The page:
I knew there was something I liked about the place. For the second year in a row, Seattle topped the list of America's Most Literate Cities in 2006. So maybe my previous observation about the lack of books in Seattle homes doesn't tell the whole story. My other two favorite cities, San Francisco and Boston, came in at #9 and #11, respectively.
The political component of the survey is also very interesting. It seems to suggest that people who learn about the world through newspapers, books, and the Internet soured on Bush much earlier than people who learn about the world through television. The top 15 Kerry-voting cities ranked, on average, more than 20 places higher than the top 15 Bush-voting cities on most literacy measures.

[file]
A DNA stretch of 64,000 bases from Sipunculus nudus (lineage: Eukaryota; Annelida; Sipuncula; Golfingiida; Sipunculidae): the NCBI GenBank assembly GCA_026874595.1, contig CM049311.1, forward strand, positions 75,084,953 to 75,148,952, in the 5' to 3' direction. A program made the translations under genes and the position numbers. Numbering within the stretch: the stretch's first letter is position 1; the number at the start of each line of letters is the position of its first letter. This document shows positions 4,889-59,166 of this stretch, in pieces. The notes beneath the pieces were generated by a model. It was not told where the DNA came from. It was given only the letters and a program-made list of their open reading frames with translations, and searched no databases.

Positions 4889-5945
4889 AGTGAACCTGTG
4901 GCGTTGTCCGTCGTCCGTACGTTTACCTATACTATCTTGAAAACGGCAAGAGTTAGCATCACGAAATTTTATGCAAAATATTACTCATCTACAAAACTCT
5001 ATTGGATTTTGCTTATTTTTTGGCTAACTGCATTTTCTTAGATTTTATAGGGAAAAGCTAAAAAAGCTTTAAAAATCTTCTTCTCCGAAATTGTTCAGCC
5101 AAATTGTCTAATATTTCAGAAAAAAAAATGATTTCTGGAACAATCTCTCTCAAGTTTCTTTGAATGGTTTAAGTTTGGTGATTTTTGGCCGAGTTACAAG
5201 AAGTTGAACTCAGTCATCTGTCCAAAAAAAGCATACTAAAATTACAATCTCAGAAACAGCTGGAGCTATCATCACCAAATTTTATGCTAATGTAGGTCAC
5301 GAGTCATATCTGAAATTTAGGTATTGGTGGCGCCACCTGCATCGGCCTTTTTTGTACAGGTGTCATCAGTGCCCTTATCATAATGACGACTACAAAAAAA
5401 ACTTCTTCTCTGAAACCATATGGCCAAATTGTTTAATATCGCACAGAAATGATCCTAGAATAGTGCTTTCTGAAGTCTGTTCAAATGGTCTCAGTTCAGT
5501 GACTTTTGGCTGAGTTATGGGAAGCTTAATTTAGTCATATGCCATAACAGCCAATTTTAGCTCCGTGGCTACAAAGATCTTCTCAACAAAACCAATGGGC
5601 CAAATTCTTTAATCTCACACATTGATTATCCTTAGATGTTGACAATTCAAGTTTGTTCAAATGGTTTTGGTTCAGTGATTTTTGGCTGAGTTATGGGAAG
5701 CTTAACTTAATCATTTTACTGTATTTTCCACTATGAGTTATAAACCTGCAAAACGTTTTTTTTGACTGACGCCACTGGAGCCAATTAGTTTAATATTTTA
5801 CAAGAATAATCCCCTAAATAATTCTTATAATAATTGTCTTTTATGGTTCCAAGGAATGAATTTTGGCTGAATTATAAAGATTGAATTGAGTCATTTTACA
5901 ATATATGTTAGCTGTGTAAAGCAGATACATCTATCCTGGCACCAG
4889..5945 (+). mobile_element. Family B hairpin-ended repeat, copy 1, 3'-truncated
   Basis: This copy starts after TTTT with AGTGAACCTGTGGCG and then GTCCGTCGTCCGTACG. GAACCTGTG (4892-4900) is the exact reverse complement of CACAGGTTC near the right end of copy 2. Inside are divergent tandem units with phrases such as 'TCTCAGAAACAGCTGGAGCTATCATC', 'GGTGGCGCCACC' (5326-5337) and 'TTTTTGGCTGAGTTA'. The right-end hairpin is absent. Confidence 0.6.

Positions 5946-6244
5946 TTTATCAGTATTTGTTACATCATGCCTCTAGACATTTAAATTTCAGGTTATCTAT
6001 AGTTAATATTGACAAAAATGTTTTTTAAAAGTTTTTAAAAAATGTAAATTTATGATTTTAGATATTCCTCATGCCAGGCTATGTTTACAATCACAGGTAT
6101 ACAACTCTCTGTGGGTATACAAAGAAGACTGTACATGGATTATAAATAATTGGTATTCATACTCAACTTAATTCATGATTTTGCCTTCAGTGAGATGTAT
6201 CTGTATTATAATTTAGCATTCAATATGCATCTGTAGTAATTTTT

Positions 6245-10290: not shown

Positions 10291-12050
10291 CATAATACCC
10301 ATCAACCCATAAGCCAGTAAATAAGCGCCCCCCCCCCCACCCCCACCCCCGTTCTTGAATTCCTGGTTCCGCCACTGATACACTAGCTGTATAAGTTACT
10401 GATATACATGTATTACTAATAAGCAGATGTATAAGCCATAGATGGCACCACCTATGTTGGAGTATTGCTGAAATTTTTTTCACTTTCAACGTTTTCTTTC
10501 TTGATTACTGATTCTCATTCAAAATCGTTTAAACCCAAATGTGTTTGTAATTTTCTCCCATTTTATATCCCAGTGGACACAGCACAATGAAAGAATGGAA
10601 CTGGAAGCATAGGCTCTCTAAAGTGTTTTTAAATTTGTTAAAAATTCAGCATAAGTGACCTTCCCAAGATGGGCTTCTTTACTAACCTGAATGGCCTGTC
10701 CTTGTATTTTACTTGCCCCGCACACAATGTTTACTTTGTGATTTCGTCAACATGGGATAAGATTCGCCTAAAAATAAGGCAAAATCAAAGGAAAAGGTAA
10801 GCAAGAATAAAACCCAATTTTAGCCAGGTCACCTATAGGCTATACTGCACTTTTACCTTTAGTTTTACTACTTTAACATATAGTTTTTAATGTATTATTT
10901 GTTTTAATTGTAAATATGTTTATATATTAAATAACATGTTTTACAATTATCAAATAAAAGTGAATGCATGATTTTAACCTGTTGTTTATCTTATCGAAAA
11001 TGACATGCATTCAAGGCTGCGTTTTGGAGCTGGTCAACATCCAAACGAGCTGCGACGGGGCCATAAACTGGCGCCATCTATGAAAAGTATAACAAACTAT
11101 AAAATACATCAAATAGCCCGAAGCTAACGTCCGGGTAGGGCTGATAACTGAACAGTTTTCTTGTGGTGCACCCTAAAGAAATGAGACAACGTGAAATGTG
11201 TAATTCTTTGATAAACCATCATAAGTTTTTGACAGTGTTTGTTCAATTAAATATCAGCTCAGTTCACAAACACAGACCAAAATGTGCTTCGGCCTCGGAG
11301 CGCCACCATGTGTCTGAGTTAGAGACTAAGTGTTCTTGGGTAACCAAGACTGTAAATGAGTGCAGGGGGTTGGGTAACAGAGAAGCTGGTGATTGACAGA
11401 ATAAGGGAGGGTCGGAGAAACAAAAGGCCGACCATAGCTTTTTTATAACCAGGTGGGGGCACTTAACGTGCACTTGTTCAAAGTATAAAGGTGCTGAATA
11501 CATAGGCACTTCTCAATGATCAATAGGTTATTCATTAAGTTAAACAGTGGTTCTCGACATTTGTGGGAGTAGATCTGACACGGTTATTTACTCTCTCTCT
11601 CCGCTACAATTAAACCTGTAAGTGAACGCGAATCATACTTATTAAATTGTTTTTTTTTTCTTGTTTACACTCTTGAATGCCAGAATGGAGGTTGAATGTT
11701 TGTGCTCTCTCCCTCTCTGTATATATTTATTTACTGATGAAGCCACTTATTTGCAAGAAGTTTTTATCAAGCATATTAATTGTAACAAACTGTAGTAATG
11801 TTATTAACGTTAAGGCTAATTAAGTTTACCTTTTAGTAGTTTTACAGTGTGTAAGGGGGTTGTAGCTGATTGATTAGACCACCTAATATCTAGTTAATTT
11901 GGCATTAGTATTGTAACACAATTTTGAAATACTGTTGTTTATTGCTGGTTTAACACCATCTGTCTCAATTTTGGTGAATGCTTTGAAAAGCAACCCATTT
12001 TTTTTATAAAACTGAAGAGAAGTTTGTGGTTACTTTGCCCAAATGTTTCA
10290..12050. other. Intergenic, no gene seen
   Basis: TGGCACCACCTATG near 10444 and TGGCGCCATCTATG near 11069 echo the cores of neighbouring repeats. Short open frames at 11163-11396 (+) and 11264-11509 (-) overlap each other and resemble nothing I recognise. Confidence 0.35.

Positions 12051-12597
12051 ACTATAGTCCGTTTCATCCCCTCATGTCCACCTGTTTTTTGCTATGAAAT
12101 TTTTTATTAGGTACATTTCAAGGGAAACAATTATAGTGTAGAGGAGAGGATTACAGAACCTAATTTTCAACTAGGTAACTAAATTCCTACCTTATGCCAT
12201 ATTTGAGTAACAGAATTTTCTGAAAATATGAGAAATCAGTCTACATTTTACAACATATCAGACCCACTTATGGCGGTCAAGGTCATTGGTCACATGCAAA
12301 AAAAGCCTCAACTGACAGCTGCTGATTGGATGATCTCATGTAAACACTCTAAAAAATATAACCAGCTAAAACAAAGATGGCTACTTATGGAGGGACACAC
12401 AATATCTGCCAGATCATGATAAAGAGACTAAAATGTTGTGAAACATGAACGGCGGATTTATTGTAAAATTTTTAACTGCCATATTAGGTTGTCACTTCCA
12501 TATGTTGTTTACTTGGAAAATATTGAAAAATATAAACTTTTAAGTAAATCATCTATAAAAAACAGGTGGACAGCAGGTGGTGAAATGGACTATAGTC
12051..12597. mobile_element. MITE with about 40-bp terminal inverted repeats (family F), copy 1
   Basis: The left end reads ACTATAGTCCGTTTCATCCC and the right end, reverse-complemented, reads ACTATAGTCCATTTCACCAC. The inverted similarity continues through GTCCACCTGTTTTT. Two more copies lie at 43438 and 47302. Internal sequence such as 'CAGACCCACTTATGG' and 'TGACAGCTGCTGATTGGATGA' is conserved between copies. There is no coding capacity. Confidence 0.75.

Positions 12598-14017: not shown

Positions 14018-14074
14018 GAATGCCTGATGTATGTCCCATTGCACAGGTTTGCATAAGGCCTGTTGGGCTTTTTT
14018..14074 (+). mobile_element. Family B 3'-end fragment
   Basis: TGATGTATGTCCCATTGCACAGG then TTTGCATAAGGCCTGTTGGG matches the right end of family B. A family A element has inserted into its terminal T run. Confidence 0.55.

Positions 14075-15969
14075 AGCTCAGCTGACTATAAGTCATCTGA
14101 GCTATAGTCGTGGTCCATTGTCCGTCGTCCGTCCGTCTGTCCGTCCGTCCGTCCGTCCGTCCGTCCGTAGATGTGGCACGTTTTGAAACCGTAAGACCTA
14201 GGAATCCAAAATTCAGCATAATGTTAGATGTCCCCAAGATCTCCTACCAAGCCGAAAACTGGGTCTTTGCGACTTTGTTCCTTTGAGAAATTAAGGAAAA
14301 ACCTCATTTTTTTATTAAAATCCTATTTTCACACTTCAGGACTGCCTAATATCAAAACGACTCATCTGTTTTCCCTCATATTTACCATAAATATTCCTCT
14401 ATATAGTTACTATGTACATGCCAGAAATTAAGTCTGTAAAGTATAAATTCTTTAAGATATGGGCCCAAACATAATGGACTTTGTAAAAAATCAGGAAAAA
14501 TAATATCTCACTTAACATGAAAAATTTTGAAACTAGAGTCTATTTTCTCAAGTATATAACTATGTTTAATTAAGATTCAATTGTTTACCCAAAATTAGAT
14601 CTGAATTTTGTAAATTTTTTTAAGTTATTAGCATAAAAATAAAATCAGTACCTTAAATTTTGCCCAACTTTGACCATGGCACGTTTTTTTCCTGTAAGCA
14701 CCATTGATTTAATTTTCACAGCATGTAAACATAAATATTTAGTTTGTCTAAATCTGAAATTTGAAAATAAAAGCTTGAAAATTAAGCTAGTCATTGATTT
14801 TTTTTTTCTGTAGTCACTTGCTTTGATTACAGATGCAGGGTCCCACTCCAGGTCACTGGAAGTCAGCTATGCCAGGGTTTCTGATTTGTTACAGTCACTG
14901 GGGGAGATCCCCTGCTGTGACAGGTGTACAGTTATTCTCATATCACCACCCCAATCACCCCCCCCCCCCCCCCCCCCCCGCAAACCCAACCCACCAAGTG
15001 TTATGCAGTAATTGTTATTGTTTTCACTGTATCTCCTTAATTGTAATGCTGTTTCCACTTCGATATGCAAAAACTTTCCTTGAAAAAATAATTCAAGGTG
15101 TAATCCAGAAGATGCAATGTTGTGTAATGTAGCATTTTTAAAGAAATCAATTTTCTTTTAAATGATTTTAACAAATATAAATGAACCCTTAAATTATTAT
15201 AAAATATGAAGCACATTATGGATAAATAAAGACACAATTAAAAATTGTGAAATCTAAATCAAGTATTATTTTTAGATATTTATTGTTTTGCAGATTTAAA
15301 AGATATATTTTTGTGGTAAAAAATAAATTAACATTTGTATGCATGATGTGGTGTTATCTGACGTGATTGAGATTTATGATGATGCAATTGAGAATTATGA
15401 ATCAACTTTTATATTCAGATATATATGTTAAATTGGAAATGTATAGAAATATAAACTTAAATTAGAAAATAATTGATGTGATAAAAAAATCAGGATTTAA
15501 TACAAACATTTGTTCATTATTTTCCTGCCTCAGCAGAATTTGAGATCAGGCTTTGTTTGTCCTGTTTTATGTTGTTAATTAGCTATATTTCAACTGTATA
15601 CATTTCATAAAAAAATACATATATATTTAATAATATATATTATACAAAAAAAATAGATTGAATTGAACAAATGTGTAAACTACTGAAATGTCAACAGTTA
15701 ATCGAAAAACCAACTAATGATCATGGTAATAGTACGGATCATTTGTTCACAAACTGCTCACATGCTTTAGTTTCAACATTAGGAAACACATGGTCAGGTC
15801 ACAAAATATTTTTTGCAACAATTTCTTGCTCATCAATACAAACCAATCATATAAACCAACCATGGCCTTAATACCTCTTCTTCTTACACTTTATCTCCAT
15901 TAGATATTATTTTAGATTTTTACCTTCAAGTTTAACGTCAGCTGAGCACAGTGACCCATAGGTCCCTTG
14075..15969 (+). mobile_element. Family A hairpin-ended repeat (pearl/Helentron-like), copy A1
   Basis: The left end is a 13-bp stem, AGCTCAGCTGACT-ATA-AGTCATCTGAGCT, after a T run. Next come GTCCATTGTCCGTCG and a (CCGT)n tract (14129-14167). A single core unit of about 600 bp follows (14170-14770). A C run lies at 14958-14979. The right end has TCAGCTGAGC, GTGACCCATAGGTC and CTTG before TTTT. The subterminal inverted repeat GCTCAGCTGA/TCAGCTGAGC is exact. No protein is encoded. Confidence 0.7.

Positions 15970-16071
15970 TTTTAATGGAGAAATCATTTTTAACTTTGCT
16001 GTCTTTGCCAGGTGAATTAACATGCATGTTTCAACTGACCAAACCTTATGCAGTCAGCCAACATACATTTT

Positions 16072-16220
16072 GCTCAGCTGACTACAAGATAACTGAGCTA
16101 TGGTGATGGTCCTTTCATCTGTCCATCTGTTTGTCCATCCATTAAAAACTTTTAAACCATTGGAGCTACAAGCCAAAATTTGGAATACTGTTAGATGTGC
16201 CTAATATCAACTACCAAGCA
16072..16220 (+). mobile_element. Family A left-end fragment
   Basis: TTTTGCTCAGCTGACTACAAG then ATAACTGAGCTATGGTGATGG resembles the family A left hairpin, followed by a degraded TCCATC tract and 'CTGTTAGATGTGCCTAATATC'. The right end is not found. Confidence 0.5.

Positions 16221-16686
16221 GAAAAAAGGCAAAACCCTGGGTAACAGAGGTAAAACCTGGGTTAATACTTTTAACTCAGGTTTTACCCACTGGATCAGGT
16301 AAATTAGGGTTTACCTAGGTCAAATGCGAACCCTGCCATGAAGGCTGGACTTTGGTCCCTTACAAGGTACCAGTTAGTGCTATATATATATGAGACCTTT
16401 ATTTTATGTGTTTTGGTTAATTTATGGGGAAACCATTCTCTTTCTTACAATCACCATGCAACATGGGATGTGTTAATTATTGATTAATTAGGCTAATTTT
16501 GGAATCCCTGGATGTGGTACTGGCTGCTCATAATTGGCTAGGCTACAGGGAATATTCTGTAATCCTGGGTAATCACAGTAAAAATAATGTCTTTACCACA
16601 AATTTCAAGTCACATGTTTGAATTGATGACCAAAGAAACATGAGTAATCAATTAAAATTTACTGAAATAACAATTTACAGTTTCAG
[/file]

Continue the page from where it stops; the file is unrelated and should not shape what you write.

Tuesday, May 8, 2007
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Most of the cities that you cited in this study, on the whole, display more incidents of violent crime and other social ills than Bush areas. Furthermore, if you look at a map of the country that shows the county breakouts in the last POTUS election you see Kerry voters in urban clusters and the overwhelming majority of the country is red.
Literacy is an interesting point to discuss but when you consider that while the NY Times occupies a certain status and reading it likely makes someone more literate it means little due to the Times' repeated screw ups and journalistic lapses (not to mention obvious bias) in its reporting. The Nation is another seemingly high-brow pub yet it's writers are seriously hard core leftists. Fly over country might not spend it's time reading such sources or spending time on the Daily Kos but that doesn't make them less informed as voters.
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